Hemmert is a universal blood donor, as he has Type O negative blood, meaning all patients can receive his blood type.

He continues to give blood every eight weeks, one pint at a time. One pint has the potential to help three different people, so theoretically, Hemmert’s donations had the potential of impacting over 500 people.

“It’s a giving thing. You can give life,” Hemmert said. “You can get high on life, you can get high on drugs, or you can get high on alcohol. When I give, I get high on life. I have done something good for somebody else. And I know it’s impossible, but when I leave the blood donation place, I’m about six inches off the ground because I did something good for somebody.”

Throughout his history of giving blood, Hemmert has also encouraged others to donate as well. Hemmert said that donating blood can also be beneficial to the donor, as the donor undergoes a mini-physical examination at the time of the donation.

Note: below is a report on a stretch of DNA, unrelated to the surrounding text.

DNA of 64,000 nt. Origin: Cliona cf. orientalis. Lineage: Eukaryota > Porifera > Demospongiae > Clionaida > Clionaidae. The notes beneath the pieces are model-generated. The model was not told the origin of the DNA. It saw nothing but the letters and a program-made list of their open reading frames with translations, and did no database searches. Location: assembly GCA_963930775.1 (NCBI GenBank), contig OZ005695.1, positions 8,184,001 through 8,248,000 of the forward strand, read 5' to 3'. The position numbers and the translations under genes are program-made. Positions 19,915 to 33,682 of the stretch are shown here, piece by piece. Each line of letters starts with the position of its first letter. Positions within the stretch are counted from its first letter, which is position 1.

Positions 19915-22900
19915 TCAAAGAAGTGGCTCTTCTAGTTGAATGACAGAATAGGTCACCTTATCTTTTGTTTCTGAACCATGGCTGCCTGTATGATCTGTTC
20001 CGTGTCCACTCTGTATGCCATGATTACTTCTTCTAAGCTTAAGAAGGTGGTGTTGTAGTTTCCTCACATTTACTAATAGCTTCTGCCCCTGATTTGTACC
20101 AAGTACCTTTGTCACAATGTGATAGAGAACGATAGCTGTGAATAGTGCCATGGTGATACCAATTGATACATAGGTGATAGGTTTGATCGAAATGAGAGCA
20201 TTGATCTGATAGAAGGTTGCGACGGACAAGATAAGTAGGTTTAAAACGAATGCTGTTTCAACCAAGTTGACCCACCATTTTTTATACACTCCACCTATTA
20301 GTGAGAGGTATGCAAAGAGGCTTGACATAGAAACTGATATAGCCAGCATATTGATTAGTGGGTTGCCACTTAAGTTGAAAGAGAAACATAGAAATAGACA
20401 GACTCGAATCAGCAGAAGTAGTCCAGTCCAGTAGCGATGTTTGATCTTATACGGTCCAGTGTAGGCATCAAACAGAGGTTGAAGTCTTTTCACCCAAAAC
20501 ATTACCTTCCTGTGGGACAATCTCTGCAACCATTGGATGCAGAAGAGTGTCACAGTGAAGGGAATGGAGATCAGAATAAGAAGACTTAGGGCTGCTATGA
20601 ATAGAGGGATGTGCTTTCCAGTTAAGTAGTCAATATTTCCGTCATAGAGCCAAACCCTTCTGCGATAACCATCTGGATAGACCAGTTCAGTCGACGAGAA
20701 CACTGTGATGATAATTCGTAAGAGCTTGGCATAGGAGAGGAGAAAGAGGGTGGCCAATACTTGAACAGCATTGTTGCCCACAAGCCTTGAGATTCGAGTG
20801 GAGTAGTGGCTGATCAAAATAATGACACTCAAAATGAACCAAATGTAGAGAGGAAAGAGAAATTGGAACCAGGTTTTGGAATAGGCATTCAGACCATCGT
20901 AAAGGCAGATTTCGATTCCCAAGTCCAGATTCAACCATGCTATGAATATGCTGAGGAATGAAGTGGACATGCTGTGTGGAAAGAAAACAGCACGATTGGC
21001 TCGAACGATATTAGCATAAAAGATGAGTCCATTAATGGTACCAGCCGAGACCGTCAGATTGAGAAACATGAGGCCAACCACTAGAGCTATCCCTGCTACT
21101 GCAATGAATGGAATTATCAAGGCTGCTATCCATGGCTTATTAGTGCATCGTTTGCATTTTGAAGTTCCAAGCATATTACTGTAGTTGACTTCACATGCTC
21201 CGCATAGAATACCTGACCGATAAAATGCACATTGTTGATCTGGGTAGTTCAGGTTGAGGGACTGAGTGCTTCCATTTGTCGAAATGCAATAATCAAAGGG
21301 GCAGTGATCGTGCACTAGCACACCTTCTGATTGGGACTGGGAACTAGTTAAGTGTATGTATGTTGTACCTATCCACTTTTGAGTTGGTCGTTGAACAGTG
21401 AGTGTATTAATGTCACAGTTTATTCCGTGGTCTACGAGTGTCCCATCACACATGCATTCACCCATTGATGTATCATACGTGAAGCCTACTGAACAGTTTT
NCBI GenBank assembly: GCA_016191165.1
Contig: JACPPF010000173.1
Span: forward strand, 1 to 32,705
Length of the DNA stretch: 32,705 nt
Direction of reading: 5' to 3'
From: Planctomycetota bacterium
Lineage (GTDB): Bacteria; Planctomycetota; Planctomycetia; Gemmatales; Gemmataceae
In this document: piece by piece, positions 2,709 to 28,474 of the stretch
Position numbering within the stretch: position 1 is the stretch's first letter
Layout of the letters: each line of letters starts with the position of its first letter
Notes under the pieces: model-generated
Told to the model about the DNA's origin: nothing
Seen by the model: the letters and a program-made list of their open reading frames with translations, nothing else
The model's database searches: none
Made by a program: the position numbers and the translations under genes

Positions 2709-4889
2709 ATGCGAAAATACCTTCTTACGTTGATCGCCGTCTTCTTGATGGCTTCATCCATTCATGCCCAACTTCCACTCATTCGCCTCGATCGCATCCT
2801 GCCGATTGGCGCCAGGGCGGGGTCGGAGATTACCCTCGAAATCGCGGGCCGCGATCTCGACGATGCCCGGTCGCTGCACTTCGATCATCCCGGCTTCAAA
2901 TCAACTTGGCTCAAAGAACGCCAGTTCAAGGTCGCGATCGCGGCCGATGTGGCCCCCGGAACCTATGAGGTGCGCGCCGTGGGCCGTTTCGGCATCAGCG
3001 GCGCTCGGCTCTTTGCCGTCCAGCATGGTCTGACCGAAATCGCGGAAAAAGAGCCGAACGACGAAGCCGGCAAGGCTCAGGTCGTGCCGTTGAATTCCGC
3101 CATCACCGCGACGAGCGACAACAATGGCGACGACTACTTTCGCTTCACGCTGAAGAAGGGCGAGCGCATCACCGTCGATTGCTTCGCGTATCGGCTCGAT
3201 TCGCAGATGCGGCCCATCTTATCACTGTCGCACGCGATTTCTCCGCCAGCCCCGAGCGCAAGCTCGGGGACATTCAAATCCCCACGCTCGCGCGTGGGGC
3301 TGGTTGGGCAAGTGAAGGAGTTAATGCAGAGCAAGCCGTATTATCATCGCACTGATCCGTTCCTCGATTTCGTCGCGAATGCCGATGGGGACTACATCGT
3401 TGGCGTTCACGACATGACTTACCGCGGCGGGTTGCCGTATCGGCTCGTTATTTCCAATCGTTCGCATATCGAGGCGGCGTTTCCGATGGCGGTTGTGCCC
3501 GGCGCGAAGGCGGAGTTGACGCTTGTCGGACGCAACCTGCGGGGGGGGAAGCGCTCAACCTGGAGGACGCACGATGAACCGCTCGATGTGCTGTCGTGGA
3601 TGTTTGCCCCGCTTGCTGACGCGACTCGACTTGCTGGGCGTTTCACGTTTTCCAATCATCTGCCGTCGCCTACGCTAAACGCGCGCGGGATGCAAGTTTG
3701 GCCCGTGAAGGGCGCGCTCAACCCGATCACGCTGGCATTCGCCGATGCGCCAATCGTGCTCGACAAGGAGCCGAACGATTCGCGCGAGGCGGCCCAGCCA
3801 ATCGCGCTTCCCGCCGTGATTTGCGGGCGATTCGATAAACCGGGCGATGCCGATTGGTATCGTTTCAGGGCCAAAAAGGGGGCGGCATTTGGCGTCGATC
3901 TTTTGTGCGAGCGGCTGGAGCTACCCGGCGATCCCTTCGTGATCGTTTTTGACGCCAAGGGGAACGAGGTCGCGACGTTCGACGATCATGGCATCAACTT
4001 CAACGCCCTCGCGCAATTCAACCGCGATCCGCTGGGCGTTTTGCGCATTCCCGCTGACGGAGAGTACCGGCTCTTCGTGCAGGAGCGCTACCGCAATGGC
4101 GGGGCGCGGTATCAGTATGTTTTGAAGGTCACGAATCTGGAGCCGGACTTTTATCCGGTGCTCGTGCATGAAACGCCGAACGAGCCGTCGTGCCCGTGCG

“They test your blood. They see if you got enough iron in your blood. They check your temperature. They check your pulse,” Hemmert said. “So it’s a little mini-physical that you get every eight weeks.”

The donor also learns what type of blood he or she is, which is knowledge that he or she may need to know immediately after an accident.

Hemmert also recalled a time when he was inspired by someone else’s dedication to giving blood on a regular basis, which was in 1972, when he presented the mayor of Piqua Jack Wilson with an award from the American Red Cross for donating 10 gallons of blood during a Kiwanis meeting.

“I presented his 10-gallon pin,” Hemmert said. “And me being a real young rookie in front of this group of people and I’m making this presentation, I was a little nervous, so I did a little bit of homework. And I do recall making the statement that 10 gallons is an awful lot of blood, but he didn’t do it yesterday, last week, last month — it was a number of years.”

It was Wilson’s continued dedication that stuck with Hemmert.

“That was very inspiring to me,” Hemmert said.